This simple design made the gun easy to clean and maintain.

Disassembly/assembly and cleaning your Glock is simple and straightforward.


I like the Glock's features, or really, lack thereof. Sometimes when I think of these pistols, I am reminded of a Henry Ford quote. Ford, the inventor of the assembly line process, which forever revolutionized production, said, “the customer can have any color Model T, as long as it is black.”

In other words, Ford came up with a great product and didn’t get caught up in trying to provide a hundred different options. He stuck to what worked and made the decision for the customer. Buying a Glock is sort of similar to buying a Model T.

You know what you are going to get—nothing fancy, just a solid piece of machinery.

Over time the lineup of handgun models they offer has grown. However, essentially, the process of choosing is:

  • pick a caliber
  • choose a size (duty, compact, or sub-compact)
  • decide if you want factory sights or night sights.
  • do you want a ported slide
  • slide cut for an optic
  • choose from a couple of frame and slide colors

Maybe it is because I am not flashy, but I prefer this approach. Don’t get me wrong; it’s not that I don't appreciate a beautiful 1911 with polished chrome because I do. But as a duty weapon or EDC, Nah, not for me.


As mentioned, Glock makes duty, compact, and sub-compact-sized firearms with magazines to match. Depending on the frame, the capacity of the magazine will change. What is excellent, in my opinion, is that the magazines are compatible across models of the same caliber.


Use higher capacity magazines or add-on aftermarket extensions, like this Hyve extension.

Aftermarket parts and products:

If you shop for parts online, you'll find they are readily available. Have a G19 and a G26? You can use the same holster for both. What about if you want to enhance your Glock? Sights, triggers, magazines and extensions, grips, etc., are all produced by a ton of different companies.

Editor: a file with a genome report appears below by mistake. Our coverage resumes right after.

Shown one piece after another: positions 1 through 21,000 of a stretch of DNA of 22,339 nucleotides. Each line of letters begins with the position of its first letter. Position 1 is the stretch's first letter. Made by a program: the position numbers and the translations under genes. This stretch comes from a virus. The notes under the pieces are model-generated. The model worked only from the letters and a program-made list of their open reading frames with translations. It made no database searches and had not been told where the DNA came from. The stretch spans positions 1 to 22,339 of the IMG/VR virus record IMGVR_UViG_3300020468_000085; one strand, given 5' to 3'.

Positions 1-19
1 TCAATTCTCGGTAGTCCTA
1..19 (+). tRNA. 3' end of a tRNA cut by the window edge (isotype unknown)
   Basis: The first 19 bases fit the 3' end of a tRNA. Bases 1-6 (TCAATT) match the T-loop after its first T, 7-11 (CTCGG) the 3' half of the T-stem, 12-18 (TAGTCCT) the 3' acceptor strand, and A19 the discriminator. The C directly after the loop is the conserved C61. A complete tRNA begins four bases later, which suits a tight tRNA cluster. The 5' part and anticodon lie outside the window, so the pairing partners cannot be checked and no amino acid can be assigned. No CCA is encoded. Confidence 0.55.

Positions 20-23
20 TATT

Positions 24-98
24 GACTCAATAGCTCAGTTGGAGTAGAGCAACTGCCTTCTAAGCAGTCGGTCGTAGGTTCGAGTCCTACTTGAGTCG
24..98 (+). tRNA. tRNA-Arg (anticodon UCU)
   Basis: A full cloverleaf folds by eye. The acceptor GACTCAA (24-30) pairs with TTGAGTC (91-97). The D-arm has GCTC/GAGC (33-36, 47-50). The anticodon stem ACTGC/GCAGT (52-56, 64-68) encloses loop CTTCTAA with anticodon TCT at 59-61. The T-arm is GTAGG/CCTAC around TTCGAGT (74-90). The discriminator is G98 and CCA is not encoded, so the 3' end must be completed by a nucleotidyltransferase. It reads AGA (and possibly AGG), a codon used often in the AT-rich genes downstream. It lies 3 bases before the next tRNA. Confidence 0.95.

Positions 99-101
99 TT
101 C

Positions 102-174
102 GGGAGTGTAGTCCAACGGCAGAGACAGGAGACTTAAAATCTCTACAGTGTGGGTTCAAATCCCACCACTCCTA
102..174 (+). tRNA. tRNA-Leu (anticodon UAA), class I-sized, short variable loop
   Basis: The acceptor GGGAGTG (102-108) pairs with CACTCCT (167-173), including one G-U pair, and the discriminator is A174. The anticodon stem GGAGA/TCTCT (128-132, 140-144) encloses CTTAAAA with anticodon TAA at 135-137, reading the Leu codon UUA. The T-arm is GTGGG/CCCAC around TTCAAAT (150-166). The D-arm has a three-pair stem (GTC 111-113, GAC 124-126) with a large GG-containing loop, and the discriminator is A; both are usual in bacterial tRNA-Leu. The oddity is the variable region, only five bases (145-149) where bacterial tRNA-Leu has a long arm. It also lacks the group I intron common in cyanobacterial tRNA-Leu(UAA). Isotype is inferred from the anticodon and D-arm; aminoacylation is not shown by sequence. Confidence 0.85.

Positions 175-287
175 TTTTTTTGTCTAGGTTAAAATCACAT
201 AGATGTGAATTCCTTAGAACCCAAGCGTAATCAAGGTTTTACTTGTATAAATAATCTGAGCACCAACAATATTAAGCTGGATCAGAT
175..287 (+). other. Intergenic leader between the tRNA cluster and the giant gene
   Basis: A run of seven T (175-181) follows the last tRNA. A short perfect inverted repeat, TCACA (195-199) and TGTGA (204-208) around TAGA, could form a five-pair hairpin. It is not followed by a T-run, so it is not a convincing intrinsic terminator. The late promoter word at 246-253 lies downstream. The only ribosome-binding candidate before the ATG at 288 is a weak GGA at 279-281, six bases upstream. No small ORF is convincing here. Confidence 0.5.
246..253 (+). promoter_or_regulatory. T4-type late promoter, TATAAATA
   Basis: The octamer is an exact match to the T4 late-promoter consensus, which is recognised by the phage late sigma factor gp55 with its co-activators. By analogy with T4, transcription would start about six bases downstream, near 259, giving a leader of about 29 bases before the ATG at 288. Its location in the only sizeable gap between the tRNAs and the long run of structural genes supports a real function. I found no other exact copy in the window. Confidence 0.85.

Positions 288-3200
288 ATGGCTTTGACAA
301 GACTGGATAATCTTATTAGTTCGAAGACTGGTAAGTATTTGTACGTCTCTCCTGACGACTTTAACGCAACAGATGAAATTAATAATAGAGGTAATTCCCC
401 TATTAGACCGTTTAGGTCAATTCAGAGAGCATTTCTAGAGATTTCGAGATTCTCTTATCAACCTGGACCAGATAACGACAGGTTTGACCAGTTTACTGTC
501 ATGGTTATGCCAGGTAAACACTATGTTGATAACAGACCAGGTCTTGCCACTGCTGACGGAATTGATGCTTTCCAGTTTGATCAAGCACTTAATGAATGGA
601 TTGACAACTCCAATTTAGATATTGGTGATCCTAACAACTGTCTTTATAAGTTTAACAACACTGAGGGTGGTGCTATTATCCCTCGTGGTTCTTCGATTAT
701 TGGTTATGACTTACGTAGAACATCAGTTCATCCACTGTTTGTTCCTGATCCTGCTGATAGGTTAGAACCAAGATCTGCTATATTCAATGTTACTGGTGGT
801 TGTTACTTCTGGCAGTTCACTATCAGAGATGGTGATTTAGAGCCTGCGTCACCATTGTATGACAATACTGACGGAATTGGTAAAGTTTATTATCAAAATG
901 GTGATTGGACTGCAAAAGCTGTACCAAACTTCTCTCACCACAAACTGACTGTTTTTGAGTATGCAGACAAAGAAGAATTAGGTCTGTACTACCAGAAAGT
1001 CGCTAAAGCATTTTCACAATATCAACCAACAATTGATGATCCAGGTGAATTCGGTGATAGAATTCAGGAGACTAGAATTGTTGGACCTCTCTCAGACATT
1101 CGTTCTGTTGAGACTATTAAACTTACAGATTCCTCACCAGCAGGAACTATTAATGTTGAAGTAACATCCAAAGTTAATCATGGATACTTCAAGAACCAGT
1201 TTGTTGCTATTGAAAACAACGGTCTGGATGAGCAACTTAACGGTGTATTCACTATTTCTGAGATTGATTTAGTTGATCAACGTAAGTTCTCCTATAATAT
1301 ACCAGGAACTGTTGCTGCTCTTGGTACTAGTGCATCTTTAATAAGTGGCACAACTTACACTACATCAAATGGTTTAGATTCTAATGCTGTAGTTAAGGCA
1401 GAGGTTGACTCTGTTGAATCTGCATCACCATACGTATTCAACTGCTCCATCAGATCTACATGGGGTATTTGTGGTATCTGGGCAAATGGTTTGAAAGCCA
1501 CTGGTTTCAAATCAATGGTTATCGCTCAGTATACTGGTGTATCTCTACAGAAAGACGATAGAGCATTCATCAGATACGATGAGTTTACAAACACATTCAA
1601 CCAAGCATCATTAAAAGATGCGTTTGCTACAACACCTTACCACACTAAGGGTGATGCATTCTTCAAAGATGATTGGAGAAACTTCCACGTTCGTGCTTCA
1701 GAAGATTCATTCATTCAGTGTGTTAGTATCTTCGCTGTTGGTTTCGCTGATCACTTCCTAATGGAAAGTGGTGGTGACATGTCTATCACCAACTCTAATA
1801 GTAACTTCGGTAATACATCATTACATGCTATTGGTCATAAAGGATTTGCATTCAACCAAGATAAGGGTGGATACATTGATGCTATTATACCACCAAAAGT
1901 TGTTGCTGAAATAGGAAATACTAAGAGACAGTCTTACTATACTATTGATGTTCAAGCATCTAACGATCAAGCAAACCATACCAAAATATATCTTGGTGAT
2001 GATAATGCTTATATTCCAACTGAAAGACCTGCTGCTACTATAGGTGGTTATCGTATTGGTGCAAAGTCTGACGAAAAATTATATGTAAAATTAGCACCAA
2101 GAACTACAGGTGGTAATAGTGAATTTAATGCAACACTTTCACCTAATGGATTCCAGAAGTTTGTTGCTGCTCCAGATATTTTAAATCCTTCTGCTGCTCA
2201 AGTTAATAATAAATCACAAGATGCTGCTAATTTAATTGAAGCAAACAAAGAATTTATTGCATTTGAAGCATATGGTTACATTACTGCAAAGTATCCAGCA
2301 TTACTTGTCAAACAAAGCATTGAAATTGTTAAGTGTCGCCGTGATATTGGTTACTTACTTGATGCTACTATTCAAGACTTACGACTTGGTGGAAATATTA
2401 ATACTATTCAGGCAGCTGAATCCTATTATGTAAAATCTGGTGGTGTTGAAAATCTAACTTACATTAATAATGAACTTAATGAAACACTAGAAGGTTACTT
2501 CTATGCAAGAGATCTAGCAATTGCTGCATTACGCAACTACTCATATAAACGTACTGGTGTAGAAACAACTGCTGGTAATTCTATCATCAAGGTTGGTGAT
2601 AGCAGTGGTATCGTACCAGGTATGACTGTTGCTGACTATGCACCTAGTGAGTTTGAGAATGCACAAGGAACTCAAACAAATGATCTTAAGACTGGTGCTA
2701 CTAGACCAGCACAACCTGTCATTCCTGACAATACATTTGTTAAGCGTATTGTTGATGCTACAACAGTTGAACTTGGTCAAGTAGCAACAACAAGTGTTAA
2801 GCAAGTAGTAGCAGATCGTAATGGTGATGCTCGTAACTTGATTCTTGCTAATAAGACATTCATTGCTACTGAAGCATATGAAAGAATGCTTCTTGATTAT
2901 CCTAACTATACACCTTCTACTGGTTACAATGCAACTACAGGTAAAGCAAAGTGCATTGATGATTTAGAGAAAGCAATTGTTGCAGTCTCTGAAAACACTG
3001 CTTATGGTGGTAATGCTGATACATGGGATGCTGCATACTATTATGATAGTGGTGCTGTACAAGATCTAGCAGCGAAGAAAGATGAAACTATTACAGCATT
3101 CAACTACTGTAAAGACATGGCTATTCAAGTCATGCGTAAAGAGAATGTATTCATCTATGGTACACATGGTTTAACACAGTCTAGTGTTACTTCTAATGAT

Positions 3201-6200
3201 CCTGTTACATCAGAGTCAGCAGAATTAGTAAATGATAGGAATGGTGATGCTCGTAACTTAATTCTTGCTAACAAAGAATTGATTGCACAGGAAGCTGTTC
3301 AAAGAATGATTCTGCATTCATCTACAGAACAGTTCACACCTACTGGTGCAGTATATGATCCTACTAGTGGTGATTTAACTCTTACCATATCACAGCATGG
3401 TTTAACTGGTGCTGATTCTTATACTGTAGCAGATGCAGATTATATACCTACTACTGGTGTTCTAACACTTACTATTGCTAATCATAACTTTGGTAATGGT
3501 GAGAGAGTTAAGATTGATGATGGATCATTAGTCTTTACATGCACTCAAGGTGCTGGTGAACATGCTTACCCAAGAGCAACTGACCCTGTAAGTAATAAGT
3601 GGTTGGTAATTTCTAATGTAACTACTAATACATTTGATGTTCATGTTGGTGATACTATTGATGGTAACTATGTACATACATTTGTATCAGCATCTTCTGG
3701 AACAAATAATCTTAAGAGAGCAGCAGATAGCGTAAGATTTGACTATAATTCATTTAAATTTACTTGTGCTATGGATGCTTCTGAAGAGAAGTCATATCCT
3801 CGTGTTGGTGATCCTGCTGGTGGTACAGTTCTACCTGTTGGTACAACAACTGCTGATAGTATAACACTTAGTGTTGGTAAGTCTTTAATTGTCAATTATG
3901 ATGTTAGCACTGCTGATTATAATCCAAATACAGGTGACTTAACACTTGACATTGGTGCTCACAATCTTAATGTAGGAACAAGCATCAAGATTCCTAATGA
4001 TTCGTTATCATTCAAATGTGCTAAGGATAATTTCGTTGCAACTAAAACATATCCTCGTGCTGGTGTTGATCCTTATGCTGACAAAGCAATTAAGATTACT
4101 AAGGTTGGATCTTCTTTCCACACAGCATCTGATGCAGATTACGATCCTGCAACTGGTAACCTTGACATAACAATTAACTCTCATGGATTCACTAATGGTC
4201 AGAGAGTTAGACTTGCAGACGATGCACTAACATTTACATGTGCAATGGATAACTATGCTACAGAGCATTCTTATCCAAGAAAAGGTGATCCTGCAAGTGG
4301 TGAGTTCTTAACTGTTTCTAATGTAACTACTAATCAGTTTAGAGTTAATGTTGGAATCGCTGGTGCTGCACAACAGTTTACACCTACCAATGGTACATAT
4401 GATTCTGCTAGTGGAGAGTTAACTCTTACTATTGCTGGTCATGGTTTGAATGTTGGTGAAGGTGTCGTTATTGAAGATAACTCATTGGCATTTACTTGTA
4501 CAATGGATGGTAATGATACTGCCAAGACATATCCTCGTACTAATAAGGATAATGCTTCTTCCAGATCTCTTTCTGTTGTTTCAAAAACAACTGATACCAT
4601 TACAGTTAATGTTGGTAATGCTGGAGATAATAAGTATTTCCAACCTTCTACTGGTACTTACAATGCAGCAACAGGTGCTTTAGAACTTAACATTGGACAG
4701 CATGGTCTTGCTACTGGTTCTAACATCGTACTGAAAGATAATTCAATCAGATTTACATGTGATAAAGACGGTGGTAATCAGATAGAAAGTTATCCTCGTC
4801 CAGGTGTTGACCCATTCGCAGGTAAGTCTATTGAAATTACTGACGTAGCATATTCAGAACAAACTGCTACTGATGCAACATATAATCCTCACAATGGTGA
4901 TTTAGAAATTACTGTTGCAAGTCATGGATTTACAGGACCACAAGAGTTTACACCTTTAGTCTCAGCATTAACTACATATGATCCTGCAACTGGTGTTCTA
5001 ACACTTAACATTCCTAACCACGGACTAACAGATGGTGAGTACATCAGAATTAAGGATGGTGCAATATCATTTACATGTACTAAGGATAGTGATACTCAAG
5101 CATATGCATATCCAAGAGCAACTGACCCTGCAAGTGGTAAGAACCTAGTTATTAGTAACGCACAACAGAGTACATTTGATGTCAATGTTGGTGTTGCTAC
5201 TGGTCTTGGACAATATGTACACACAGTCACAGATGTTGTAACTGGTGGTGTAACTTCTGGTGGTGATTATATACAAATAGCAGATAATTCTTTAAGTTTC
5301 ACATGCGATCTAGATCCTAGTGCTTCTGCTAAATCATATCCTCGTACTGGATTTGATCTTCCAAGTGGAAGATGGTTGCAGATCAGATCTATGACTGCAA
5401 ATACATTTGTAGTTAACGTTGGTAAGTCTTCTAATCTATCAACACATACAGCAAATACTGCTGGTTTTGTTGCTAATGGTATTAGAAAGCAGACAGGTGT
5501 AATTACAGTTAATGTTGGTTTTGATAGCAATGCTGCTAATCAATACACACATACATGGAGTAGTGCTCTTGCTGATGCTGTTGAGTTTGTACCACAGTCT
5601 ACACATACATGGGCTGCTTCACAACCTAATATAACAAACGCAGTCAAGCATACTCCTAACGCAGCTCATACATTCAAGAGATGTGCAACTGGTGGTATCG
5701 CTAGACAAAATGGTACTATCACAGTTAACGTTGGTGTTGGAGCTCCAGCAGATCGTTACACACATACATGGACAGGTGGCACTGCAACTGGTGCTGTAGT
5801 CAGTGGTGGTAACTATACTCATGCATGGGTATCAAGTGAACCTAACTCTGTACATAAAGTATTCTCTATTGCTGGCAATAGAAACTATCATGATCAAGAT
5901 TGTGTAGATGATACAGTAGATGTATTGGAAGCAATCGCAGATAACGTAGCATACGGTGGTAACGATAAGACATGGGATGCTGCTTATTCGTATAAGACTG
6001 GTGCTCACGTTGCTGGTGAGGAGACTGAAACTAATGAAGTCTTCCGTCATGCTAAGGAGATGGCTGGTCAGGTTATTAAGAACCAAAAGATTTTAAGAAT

I equate the ease of finding parts for a Glock to aftermarket products for Honda automobiles. Nearly every company that makes products for a vehicle makes it for a Honda car. Not only do they make them, but usually, they have them ready to ship. If you want a holster for your Glock, I bet you can go to nearly any holster maker, and they will have one for you. Some other guns, not so much.

I have changed out a few parts on my G27 over time (extended slide stop lever, SSVi trigger, and XS Big Dot sights) but not because of any reduced performance of any of these components. Rather for personal preference.

Reliability and Durability:

Maybe I should have made this clear at the beginning of the article, but I don’t get paid by Glock (although I wouldn’t turn it down.)

However, my experience is like that of so many others. That is that Glock firearms are about as reliable as it gets. They don't need to be tuned up, broken in, or treated like a baby. It runs dirty, clean, or anywhere in between.

They also don't need special ammunition or load to run flawlessly like many other popular firearms available today.

It just runs and runs, and most of all, last!

You don’t have to take my word for it. There are plenty of adventurous gun owners on YouTube showing how their Glocks fire underwater or full of mud.


Company Reputation:

Glock has customer satisfaction that is second to none. Ask anyone who has had to warranty a gun or replace a part, and they will tell you how responsive the company is. They've been around for a long time and not going to disappear as some other gun manufacturers have.

The Glock Fan Starter kit.

Imitation is the sincerest form of flattery:

Glock’s design is widely copied and seen in so many of the guns we see today. Once again, the simple design makes it so dependable and appealing to so many people.

Is the Gun Perfect:

Well, no. It's pretty darn close but not perfect. A Glock comes from the factory with its undeniable dependability and some bare bone plastic sights. The sights are functional but abysmal for a self-defense gun. While the rest of the gun is a tank, the plastic sights are susceptible to denting and breaking.

I sincerely wish they would just do away with the polymer sight option and just put decent self-defense, iron sights on their guns.

Additionally, they have a mediocre factory trigger feel. I actually don't hate the trigger and don't find it atrocious as some others do. However, I have felt better ‘out of the box’ feeling triggers.